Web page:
Tuesday, March 13, 2012

Building Great Teams (1 of 3) - By Darren Hardy



Nature Gives Us Clues
If you were going to pick a model from nature for how to create and operate as a great team, which animal would you pick?
How about lions, tigers, hippos or bears?
Those species are known to eat their young, or the new guy or gal on the team, in our analogy. That doesn’t make for good team building!


How about wolves or hyenas?
These animals are known to constantly have ego fights for dominance—definitely not good for trust and the morale of a team.
How about salmon?
Certainly their long struggle to swim upstream in dedication to duplicate (procreate) the team has to be a good role model, right? Yeah, well, the only problem is, once they have finally done the quiver (seriously, that’s what they do—they align themselves next to each other and “quiver” while they each do their part of the act), they die. That can’t be good if every time new people are brought into your team the leaders die. So salmon are out.
I know what you are thinking… eagles, right?
Eagles are good role models for soaring to individual heights, but they are poor team players. They are known to be territorial, pretty hostile toward one another and constantly stealing prey from one another.

Get this… momma eagle usually lays two eggs and most often the bigger of the two siblings (which is usually the female, as they come out bigger) kills the other sibling while mom looking on (harsh, right?). No, you don’t want the new recruits killing each other or the leaders stealing sales and clients from each other. Eagles, team players? Not so much.
No, the animal species you want to learn from and emulate in working together as a team are… ducks.
Ducks, because they work together to accomplish feats that seem unimaginable and impossible for most any other animal.
Ducks fly distances of hundreds or even thousands of miles, a distance almost no other animal can travel and it’s possible only because they do it as a team.
As you know, ducks fly together in formation. As each duck flaps its wings, it creates uplift for the bird following and that is perpetuated throughout their V formation. Each duck takes its turn leading the flock in flight. When the lead duck gets tired, it fades from the front and is enveloped back into the fold of the flock and naturally another bird takes the lead. By working together, the whole flock adds 71% more flying range than if each bird flew alone.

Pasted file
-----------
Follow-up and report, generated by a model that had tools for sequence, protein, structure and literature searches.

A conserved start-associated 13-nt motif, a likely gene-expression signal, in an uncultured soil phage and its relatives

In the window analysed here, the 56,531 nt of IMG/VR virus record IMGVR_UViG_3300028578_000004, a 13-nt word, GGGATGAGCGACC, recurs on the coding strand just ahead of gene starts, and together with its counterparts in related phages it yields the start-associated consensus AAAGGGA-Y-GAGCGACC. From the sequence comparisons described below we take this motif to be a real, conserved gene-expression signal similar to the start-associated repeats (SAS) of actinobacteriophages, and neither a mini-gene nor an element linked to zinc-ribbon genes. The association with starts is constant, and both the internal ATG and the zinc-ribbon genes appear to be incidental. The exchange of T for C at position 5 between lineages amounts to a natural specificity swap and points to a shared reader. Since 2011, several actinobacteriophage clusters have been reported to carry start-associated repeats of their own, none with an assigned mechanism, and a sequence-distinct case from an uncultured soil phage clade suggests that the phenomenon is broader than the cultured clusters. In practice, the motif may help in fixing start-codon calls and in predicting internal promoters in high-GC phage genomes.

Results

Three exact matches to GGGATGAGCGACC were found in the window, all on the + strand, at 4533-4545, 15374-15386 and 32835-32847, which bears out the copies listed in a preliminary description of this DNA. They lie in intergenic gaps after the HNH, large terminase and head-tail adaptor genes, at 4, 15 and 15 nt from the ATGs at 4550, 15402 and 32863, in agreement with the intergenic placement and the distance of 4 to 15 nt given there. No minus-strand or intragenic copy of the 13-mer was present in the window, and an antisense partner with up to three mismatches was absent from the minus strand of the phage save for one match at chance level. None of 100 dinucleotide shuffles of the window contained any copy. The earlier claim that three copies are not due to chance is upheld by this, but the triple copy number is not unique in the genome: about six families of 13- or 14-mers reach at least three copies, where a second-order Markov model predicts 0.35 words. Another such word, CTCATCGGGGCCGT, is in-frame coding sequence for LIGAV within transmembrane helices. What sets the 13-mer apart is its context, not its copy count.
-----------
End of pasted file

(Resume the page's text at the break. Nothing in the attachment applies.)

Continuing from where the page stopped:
Like ducks, people naturally gravitate toward organizations that will shelter and protect them and make their life easier than if they were left to fend for themselves. I have found that people want to belong; they want to be a part of a team. It gives them a sense of purpose, where they can be a part of something bigger than themselves.
I also find that most people perform to their greater potential when on a team than when on their own. They rise to meet the expectations of the team; if left alone to their own motivations, they wouldn’t push themselves nearly as hard.
I find that lots of people do more for the recognition of others than for their own satisfaction. Thus, team environments are a powerful force for drawing out the best within our individual potentials for achievement.
Amazing feats are created when the collective whole becomes greater than the sum of the individual parts. That occurs when teamwork is working well.
So in business, people who share a common direction and sense of community can get where they are going quicker and easier when they travel on the thrust of one another.
As leaders, it is our job to cast the vision and enroll others to share in that vision. As teams, we need to help one another and to offer encouragement and support as the success of the individual creates uplift for the rest of the flock… or team.
Over the next few posts I will reveal the single most sabotaging factor of why teams even made up of great people will fail, and the two most important ingredients for building great teams who perform way beyond their individual capabilities.

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